The Future of Language Learning
For three years now I have been following the Language Learning community online, occasionally even participating. During that time I have thought in-depth about the future of language learning. Where is it going? How will people learn languages? Why will they learn them? How can we use technology to learn more efficiently? How will the language learning industry change? What will companies like Rosetta Stone and Pimsleur look like? Where are there still business opportunities?
And I arrived at an answer.
My conclusion surprised even me.
Language learning will die out. There will be no more language study for the vast majority of the world. What will remain is a small collection of intellectuals who do it only for the self-satisfaction of learning a language. The current-day equivalent is people who study Klingon, Latin or Dalmation. But most of the world will never learn a second language.
I know this may sound radical. At first glance some people may even find this stupid.
But here’s why it’s true: most people will not need to learn a language. For most people, learning a language is a means to function and communicate with other people. In the near future, only hobby language learners will continue to learn the majority of languages.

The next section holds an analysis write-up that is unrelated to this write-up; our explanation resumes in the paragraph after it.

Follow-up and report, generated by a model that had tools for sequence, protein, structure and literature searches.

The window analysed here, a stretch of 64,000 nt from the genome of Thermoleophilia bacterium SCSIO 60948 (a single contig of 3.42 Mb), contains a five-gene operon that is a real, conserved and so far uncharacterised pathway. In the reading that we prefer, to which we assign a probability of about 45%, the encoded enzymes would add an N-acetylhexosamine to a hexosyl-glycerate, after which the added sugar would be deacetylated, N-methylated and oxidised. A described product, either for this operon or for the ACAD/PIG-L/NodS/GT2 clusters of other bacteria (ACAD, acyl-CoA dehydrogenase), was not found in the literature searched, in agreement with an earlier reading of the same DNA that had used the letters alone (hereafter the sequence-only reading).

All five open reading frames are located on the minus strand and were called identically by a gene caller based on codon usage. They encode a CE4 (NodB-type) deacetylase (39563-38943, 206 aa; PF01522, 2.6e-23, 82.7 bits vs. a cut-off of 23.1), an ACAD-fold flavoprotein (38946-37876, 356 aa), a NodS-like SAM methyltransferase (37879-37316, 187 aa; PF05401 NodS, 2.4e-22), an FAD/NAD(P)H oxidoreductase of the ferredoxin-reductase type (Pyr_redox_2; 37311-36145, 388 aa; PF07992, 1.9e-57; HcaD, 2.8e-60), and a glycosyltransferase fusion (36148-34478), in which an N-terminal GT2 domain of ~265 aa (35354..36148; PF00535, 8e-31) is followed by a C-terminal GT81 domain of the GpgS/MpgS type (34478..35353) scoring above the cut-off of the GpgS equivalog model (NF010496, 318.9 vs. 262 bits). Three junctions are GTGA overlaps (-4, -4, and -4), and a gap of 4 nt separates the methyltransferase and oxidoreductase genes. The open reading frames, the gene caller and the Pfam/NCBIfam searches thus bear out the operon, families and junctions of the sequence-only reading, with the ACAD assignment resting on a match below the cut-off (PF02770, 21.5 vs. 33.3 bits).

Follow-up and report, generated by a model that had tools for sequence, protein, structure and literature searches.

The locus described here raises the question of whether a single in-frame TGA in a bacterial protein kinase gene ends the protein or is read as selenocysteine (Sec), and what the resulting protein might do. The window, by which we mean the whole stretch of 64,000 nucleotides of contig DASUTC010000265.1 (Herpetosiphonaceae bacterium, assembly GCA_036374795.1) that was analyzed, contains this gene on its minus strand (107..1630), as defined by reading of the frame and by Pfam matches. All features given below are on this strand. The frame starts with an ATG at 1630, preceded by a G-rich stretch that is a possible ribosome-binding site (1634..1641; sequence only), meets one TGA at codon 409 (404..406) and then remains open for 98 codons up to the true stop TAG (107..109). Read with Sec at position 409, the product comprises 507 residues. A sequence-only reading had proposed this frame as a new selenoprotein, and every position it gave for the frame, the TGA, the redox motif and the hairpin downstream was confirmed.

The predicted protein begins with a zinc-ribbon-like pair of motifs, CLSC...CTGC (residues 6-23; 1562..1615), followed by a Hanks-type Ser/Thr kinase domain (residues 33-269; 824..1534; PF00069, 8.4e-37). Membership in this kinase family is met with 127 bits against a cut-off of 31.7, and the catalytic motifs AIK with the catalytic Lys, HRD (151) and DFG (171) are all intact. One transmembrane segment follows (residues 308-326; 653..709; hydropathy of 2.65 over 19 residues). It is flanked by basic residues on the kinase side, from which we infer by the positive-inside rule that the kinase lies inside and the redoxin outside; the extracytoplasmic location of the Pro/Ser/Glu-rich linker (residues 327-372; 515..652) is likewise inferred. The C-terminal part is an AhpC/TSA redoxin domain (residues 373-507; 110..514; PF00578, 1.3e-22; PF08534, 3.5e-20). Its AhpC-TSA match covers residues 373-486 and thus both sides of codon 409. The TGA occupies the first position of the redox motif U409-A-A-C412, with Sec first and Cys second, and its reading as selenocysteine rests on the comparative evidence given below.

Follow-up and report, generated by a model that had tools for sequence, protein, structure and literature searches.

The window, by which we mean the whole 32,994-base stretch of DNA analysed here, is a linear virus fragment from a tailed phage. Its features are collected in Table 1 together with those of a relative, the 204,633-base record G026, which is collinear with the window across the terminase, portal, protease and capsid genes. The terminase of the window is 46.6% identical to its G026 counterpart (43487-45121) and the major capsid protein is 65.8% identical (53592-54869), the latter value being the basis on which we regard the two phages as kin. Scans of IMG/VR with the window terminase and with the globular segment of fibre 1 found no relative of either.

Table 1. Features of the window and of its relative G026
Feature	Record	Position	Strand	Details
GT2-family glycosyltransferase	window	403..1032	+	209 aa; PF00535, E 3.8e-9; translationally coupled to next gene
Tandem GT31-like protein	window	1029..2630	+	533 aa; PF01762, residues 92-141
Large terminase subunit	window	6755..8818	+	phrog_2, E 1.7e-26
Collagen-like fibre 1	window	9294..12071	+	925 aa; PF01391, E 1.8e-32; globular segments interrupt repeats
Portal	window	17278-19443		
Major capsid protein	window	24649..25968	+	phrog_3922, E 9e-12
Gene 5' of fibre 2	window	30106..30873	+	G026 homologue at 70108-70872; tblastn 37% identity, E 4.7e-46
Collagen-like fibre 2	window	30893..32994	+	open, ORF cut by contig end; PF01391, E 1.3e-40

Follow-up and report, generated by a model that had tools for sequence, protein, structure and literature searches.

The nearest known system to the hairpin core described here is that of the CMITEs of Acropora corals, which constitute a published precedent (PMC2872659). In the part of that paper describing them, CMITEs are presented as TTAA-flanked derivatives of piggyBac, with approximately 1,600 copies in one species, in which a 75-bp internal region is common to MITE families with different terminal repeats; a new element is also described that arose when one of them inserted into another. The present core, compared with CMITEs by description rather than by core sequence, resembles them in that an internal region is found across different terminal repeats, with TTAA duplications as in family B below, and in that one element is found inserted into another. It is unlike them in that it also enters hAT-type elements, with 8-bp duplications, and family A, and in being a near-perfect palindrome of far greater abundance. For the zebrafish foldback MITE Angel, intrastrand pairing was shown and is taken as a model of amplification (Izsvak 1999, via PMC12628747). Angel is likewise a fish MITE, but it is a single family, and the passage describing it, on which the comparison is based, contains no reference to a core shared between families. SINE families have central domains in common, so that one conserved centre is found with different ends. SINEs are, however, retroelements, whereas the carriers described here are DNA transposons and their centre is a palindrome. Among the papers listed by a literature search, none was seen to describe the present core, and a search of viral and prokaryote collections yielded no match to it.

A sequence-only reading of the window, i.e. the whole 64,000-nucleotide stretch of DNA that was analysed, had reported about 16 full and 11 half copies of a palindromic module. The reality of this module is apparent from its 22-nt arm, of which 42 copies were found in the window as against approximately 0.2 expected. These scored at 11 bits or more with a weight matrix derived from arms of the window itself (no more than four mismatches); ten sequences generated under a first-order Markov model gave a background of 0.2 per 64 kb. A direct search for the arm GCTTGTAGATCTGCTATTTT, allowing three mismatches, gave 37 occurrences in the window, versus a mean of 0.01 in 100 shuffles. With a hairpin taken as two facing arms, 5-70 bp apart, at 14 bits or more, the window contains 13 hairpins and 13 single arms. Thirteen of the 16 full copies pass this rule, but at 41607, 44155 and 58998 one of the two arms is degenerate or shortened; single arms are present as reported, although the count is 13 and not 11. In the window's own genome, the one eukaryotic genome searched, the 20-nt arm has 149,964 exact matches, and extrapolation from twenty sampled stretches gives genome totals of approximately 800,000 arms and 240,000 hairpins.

Given that worldwide interaction has increased exponentially since the internet appeared, this probably sounds like a strange conclusion. The need for better communication, through language, has become even more important. Worldwide commerce is growing aggressively. International travel is much easier and cost-effective than any time in history.
Boosted by that demand, language learning resources have popped up everywhere. Language learners are now in closer contact than ever before through Twitter, Facebook, Youtube and every other internet tool imaginable. It is easier to learn a language than ever before. There are more materials than ever, and with the internet, more opportunities to practice. Language learning is everywhere. And it’s cheap or free.
With this proliferation of language learning, you may see this as the heyday of language learning.
To me, we are witnessing the twilight.
Technology Replaces the Need to Learn Languages